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Canon Extender Secrets - AF speed and aperture changes

I read and hear people asking questions on how and why the AF and f-stops change on their lenses when using an extender.

Once an extender is used one loses 1 or 2 stops of light as the effective aperture changes. Also the incoming image will be enlarged which causes an exaggeration of the AF speed resulting in a loss of AF accuracy. In order to achieve a good AF the AF motor speed is reduced by the lens when a extender is attached. The larger the magnification the slower the motor will turn. AF will be shut down on non-professional bodies when the maximum aperture is smaller than f/5.6, on professional bodies this threshold is f/8. The software in the body decides to permit AF or not based on the information it gets from the lens.

If one uses an EF1.4x extender or the life-size converter it will cost you 1 f-stop. An f/4 lens will become f/5.6. This corrected aperture will be transmitted to the body by the lens back to the body via the extender, the lens itself detects whether and which extender is attached. An EF2x extender costs you 2 f-stops an f/4 lens therefore becomes f/8 and AF will be lost on a non-professional body.

In the repair manuals of the extenders I found that there are 3 pins that give a signal to the lens concerning the type of extender. It can tell the lens whether an EF1.4x, EF2x or life-size converter is being used.

As a result 1 f-stop is corrected when using an EF1.4x or life-size converter. Of course this signalling will only work if the lens is compatible, besides the physical restriction of the protruding lenselement also the needed electronic contacts may be missing. Besides the f-stop correction also the AF motor speed is adapted by the lens electronics.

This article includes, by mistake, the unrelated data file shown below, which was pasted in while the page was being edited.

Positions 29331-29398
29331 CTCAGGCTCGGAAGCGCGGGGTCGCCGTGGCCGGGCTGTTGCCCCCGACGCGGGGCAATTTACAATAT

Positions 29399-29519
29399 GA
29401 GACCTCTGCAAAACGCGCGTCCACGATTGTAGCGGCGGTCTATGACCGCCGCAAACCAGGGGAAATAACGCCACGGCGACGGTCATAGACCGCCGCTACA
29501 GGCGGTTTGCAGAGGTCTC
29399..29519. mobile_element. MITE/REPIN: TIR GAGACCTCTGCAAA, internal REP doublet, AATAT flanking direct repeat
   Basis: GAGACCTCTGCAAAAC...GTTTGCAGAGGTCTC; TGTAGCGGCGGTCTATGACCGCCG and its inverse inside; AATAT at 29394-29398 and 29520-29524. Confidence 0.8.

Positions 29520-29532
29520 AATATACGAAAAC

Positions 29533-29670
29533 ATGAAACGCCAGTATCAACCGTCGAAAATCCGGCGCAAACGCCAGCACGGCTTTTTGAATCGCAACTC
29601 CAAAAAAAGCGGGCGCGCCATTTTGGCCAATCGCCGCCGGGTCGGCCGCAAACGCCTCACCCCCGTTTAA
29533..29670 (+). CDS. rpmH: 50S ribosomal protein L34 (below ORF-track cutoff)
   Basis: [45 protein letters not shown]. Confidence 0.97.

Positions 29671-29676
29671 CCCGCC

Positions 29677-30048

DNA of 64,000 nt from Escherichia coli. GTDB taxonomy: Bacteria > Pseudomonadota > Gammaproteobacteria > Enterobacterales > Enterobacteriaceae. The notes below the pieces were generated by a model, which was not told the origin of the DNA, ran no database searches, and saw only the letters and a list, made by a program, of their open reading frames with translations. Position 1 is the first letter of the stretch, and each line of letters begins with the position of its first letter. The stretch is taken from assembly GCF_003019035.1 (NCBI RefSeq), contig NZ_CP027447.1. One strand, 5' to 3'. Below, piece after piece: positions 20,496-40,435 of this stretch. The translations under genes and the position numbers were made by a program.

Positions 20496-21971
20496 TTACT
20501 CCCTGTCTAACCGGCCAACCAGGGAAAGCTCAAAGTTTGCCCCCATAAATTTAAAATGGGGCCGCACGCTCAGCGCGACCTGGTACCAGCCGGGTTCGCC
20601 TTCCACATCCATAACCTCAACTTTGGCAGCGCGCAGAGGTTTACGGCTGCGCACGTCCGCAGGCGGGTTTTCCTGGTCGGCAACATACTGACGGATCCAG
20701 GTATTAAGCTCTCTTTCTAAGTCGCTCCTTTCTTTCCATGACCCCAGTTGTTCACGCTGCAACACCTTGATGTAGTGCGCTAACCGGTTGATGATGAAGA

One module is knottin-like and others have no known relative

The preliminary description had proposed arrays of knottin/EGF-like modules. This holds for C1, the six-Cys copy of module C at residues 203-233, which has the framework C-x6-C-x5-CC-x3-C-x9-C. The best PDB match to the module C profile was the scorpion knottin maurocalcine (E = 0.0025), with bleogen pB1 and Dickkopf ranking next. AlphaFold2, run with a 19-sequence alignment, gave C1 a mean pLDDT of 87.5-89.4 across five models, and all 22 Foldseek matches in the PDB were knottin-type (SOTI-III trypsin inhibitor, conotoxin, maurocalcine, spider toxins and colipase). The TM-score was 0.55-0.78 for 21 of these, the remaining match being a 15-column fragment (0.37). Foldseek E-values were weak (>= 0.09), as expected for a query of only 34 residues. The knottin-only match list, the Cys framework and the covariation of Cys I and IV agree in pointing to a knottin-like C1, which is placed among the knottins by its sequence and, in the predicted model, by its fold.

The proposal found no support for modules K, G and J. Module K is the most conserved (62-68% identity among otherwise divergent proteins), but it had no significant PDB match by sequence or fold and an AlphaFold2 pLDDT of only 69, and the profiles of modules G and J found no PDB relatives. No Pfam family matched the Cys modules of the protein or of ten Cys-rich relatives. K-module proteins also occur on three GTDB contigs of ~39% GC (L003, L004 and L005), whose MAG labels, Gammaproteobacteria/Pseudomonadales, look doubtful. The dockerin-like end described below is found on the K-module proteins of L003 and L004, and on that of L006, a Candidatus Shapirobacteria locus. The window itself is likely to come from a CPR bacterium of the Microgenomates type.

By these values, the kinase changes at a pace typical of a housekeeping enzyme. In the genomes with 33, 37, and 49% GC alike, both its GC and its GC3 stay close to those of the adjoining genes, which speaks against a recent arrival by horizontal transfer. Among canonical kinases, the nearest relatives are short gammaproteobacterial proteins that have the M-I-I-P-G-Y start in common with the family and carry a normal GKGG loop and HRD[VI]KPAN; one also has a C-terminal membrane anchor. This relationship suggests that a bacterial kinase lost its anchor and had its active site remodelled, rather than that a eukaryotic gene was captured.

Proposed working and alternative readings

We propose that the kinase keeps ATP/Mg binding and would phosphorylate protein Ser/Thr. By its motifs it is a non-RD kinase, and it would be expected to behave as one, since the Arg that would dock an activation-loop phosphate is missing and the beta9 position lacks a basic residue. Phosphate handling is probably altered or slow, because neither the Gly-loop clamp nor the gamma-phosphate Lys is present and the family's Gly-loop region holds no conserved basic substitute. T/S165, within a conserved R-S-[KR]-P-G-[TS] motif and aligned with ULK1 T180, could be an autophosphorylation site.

When using an EF2x extender the signal is translated to a 2 f-stop correction and an even slower AF speed.

When stacking extenders, which is possible with the new EF2x II, the f-stop and AF corrections are based solely on the type of the extender directly connected to the lens as the extenders do not pass on their presence. As only 3 jumper configurations can be defined there is no way of communicating such information to the lens. Maybe Canon will upgrade their systems in the further, however, as also the lenses may need an upgrade to cope with such information. Nevertheless as the metering is performed through the lens (TTL) a wrong f value on your display will still yield a correct picture

De pin outs: COM1:EXT0:EXT1
1:1:1 1:0:1 en 1:0:0 en 1:1:0 The first pin is always on ...

1:0:0 no extender present/unused
1:1:1 an EF1.4x
1:0:1 an EF2x
1:1:0 a Life-size converter

To clear things up a little more here a technical picture showing the pinout configurations:

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